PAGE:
A simplification of requirement #2 builds aggregate fact tables only where specific dimensions are completely eliminated rather than just shrunk. For example, in a retail sales fact table, the location (or store) dimension could be eliminated, effectively creating a national total sales fact table. This approach, when it can be used, has the advantage that the aggregate fact table is now impervious to changes in the dropped dimension. Thus, you could change the definitions of your geographic regions and the table in our example would not change, whereas a partially shrunken location dimension that rolled up to region would need to be recalculated. This approach is not a panacea; in our example, the only queries that could use the proposed aggregate table would be ones that requested the national sales totals.
Design Requirement #3
The base fact table and all its related aggregate fact tables can be associated together as a family of schemas so that the aggregate navigator knows which tables are related to each other. Any single schema in the family consists of a fact table and its associated dimension tables. There is always exactly one base schema that is the unaggregated data, and there will be one or more aggregate schemas, representing computed summary data. Figure is a base schema, and Figure is one of perhaps many aggregate schemas in our family.
The registration of this family of fact tables, together with the associated full-size and shrunken dimension tables, is the sole metadata needed in this design.
Design Requirement #4
Force all SQL created by any end user or application to refer exclusively to the base fact table and its associated full-size dimension tables.
This design requirement pervades all user interfaces and all end user applications. When a user examines a graphical depiction of the database, he or she should see only the equivalent of Figure. The user should not be aware that aggregate tables even exist! Similarly, all hand-coded SQL embedded in report writers or other complex applications should only reference the base fact table and its associated full-size dimension tables.
Administering Aggregations, Including Materialized Views
There are a number of different physical variations of aggregations, depending on the DBMS and the front-end tools. From our design requirements in the previous section, we see that the correct architecture of an aggregate navigator is a middleware module sitting in front of the DBMS intercepting all SQL and examining it for possible redirection. The wrong architecture is an aggregate navigation scheme embedded in a single proprietary front-end tool, where the aggregation benefit is not available to all SQL clients.
There are two fundamental approaches to aggregating navigation at the time of this writing. One is to support a variation of the explicit shrunken fact and dimension tables described in the previous section. The other is to dynamically create these tables by designating certain ephemeral queries to be materialized as actual data written to the disk so that subsequent queries can immediately access this data without recomputing the query. Oracle’s Materialized Views are an example of the second approach.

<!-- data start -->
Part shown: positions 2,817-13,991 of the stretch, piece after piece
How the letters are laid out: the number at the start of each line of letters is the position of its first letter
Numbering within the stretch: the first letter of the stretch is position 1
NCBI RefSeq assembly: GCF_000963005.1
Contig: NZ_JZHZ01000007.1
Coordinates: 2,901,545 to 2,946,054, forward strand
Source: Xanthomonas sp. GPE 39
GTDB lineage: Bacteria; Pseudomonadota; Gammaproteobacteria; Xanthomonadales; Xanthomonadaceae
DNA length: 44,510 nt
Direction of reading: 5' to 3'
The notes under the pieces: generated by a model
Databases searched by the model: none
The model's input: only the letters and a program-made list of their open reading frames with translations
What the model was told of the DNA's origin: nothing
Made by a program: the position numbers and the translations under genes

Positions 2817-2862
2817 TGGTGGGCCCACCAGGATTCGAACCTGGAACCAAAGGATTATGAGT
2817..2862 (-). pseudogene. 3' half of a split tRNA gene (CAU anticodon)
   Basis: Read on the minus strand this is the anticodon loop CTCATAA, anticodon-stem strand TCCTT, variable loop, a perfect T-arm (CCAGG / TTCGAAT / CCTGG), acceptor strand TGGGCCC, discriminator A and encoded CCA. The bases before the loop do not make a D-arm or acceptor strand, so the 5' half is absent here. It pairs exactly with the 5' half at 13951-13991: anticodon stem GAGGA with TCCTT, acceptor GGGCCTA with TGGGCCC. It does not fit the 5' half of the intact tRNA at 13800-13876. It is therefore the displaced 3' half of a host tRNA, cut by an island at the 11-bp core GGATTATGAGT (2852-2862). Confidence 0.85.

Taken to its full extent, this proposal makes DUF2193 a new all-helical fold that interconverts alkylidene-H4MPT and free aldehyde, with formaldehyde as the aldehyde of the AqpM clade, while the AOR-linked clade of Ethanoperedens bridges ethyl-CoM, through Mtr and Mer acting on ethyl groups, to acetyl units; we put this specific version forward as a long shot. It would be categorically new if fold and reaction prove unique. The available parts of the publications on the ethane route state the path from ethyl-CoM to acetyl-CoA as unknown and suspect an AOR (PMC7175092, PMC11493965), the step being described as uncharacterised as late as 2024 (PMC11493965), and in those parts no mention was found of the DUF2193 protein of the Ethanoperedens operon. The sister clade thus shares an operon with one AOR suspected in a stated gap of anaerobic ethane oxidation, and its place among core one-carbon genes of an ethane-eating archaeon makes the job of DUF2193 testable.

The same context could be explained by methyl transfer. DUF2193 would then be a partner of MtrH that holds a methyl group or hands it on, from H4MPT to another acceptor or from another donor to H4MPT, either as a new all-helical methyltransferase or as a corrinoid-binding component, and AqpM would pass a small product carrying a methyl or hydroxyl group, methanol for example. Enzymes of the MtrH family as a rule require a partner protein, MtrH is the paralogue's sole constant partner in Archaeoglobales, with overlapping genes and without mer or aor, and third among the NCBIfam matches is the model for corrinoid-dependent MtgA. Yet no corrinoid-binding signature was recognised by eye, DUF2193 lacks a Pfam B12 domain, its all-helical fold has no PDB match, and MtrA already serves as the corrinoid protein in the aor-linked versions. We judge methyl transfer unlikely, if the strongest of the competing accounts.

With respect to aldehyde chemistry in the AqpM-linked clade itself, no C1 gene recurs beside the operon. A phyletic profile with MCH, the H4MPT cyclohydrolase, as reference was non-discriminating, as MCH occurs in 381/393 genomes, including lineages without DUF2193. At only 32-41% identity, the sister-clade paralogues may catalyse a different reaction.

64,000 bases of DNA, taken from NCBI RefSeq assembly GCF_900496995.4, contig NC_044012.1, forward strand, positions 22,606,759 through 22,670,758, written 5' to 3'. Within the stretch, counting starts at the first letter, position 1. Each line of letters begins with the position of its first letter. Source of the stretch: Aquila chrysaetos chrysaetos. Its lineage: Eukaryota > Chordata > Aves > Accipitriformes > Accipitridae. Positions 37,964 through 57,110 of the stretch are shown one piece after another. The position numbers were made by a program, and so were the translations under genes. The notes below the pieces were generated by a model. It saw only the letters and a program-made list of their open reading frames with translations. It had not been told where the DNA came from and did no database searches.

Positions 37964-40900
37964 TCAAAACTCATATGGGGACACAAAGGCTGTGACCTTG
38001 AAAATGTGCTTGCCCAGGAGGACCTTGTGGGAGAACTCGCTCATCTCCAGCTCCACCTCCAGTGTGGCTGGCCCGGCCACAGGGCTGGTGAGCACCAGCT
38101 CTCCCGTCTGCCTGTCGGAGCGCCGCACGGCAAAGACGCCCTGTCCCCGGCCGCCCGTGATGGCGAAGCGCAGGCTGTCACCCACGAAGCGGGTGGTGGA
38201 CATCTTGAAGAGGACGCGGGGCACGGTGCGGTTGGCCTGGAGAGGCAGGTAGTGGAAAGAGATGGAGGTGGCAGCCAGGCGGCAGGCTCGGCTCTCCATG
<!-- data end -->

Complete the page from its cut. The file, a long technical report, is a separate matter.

Both the explicit-table approach and the materialized-view approach require the DBA to be aware of the effects on the aggregates of updating the underlying base fact tables. Immediately after updating the base tables, the aggregates are invalid and must not be used. In most environments, the base tables must be published to the user community immediately, before all of the aggregates have been recomputed.
Routine daily additions to fact tables may allow the aggregates to be updated by just adding into the various aggregate buckets. But significant changes to the content or logic of a dimension table may require aggregates to be completely dropped and recomputed. For example, Type 1 corrections to historical dimension data will require aggregates to be recomputed if the aggregate is based on the attribute that was changed. But the converse is true! If the changed attribute is not the target of an aggregate, the aggregate can be left alone. For example, one could completely remap the flavor attributes of a big product file and the Category aggregate would not be affected. Visualizing these dependencies is a critical skill in managing the portfolio of aggregates.
Note that Type 2 changes to a dimension generally will not require any aggregates to be rebuilt, as long as the change is administered promptly and does not involve the late-arriving data scenario. Type 2 changes do not affect the existing aggregates; they were correct when they were written.
Generally, a given aggregate fact table should be at least ten-times smaller than the base fact table in order to make the tradeoff between administrative overhead and performance gain worthwhile. Roughly speaking, the performance gain of an aggregate is directly proportional to the storageshrinkage factor. In other words, an aggregate fact table ten-times smaller than the base table will be about ten-times as fast.
If the overall aggregate table portfolio occupies only 1 percent of the total fact table storage, not enough aggregates have been built. A total aggregate overhead approaching 100 percent (that is, a doubling of the total storage) is reasonable.
Large hardware-based, parallel-processing architectures gain exactly the same performance advantages from aggregates as uniprocessor systems with conventional disk storage, since the gain comes simply from reducing total I/O. However, the salesperson and system engineers of these hardware-intensive systems will deny this because their business is based on selling more hardware, not on improving the performance of the system with clever data structures. Beware!